• I swear the people making this are mocking consumers. There was a joke about an Internet-enabled remote-controlled lamp on The Big Bang Theory.

    • Re: (Score:2, Informative)

      by Anonymous Coward

      You can click on the Show/Hide Transcript link and it will bypass the video and give you a transcript. Was it really easier to write a post complaining about it?

    • This summary was perhaps one of the worst I've ever seen in Slashdot history.

      Hint: Summarize whatever the hell it is you are linking to. Don't try to shoehorn in a half-critique of CES, plugs for our very own Timothy(okay...), and OMIGOSH Bill Clinton, can you actually believe that, no I'm not making it up, like wow!

      The major problem, is that I have no clue if you are attempting to poke fun at the lamp, if it really is cool, are you linking to a fake product parody page?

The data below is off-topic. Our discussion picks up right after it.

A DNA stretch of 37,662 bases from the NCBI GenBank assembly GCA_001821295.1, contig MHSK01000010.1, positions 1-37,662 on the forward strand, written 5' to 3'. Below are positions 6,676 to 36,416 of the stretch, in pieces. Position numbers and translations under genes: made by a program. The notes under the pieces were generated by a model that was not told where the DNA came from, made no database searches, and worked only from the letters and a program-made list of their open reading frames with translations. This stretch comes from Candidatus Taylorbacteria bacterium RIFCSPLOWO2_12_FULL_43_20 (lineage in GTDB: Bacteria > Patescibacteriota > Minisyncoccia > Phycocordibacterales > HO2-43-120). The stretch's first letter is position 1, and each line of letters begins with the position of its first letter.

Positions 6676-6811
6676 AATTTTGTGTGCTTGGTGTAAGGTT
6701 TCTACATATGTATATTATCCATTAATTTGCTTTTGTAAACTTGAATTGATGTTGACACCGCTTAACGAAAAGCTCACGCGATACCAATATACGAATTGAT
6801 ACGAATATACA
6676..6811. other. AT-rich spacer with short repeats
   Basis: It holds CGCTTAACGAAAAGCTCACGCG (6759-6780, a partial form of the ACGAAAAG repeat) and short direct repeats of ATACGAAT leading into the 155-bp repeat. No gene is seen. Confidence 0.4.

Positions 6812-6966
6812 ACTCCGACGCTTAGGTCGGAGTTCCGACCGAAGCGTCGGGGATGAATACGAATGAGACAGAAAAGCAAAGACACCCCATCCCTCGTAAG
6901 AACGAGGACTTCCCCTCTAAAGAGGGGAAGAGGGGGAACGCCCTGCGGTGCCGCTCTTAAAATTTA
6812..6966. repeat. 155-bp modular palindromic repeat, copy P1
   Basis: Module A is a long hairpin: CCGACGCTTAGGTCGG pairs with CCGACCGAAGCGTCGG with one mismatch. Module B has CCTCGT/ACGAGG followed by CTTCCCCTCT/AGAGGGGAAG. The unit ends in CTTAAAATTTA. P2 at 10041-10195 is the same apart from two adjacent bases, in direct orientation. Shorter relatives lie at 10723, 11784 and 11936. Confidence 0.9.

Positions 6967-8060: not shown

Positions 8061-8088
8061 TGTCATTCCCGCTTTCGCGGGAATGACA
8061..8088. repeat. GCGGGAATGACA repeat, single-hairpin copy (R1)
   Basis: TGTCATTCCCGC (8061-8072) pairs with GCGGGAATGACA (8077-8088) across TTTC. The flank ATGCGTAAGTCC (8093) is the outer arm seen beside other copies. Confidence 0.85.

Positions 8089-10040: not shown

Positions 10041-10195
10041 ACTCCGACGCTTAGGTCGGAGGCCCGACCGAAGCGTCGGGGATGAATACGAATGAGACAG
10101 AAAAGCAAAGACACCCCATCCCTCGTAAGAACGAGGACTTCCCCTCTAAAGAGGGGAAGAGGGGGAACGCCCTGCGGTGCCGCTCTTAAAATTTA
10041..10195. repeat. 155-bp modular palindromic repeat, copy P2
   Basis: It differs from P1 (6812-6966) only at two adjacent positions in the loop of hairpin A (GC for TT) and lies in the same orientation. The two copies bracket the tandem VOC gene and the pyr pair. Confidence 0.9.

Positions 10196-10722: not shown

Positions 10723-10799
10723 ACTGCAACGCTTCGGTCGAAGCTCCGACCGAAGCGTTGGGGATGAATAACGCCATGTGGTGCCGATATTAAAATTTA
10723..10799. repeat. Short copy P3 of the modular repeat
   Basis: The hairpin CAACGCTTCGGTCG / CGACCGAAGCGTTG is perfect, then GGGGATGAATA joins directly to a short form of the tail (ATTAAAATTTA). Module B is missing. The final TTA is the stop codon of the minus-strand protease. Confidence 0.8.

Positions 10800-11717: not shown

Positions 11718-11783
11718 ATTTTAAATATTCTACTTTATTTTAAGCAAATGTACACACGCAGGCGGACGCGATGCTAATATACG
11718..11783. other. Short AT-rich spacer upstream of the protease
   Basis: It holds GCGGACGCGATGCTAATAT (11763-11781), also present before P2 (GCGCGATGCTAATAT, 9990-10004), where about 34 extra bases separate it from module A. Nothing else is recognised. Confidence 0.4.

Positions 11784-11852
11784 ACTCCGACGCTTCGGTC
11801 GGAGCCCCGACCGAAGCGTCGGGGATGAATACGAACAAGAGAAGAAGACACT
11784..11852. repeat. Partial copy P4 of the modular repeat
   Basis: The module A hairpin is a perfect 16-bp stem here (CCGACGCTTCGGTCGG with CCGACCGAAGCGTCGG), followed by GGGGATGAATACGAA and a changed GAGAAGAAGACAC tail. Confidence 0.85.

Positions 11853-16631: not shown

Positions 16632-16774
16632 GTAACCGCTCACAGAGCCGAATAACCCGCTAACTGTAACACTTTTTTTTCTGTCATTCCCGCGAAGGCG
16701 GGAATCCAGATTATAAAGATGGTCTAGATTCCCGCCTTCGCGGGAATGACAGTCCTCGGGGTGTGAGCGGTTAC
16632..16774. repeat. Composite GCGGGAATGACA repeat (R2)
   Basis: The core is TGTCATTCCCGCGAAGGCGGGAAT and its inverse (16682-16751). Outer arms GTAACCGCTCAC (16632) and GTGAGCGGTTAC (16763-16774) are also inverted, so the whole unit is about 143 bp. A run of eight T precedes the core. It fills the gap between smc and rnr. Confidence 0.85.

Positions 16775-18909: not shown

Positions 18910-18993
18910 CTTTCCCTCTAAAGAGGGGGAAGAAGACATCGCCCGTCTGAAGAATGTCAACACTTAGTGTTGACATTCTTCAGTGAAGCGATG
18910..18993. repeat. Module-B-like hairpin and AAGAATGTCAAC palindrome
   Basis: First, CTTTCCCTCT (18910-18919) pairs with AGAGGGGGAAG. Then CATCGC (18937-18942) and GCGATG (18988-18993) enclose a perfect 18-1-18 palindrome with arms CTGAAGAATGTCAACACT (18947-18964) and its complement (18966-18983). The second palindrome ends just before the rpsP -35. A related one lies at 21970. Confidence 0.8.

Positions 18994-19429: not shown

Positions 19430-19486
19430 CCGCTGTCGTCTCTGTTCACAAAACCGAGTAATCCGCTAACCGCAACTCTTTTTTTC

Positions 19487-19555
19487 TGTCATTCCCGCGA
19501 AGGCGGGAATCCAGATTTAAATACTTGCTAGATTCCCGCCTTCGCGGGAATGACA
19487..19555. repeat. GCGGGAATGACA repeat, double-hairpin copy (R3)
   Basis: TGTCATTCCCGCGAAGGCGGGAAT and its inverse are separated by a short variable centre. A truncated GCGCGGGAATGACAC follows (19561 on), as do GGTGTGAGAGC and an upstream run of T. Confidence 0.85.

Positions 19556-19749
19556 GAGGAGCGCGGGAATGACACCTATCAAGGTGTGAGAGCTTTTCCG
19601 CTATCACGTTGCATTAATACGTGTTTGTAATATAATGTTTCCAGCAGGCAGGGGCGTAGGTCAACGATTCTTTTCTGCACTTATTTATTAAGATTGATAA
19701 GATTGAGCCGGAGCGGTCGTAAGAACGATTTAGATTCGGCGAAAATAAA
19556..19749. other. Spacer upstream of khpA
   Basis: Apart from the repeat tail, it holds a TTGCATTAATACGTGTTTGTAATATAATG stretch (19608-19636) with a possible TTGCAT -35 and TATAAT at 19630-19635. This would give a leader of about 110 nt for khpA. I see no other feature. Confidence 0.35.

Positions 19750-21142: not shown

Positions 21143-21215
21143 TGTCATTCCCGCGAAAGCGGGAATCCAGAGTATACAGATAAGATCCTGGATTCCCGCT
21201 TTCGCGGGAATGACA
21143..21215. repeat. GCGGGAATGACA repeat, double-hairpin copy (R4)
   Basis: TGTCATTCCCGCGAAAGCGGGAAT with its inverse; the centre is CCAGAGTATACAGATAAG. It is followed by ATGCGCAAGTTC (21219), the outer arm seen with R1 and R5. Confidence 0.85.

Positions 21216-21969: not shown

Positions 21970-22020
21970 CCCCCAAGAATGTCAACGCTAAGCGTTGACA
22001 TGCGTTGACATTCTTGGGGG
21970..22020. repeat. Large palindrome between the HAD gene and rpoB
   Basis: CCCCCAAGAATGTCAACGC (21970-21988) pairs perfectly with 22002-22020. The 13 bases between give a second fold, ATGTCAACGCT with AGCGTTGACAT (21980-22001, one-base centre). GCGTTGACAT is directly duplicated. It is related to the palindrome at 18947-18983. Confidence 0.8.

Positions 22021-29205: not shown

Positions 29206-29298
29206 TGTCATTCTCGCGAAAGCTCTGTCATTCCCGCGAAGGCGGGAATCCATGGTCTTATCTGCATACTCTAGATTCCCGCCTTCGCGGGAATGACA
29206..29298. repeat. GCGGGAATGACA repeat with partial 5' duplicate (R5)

Yes this is just a rant about a sum

    • It's a flawless execution of the old wake someone up in the middle of the night prank. They eliminated the slight percentage of failures caused by the person hearing you sneaking in and waking them up. Now you can blast some light straight into their retina at 2:00 AM with the push of a button.
  • by miowpurr ( 1004277 ) on Thursday January 10, 2013 @11:33AM (#42546169) Homepage
    This may be good for elderly relatives living on their own. When they turn their lamp on in the morning, you know they are ok. If it doesn't turn on by a certain time, have the police (or a trusted neighbor) run a "welfare check" on them.
  • Meh, and double meh.

  • CES request (Score:5, Insightful)

    by girlintraining ( 1395911 ) on Thursday January 10, 2013 @11:35AM (#42546205)

    Please stop producing useless garbage in fancy plastic and metal coverings and give us high speed internet. And when I say high speed, I don't mean that watered down swill your ISP sells you. I mean "set my harddrive on fire downloading torrents" speed. I mean multiple 1080p streams of video over one pipe. I do not need an iWhatever, or a remote-controlled lamp... I need a network connection that doesn't suck so hard it's in danger of forming its own event horizon.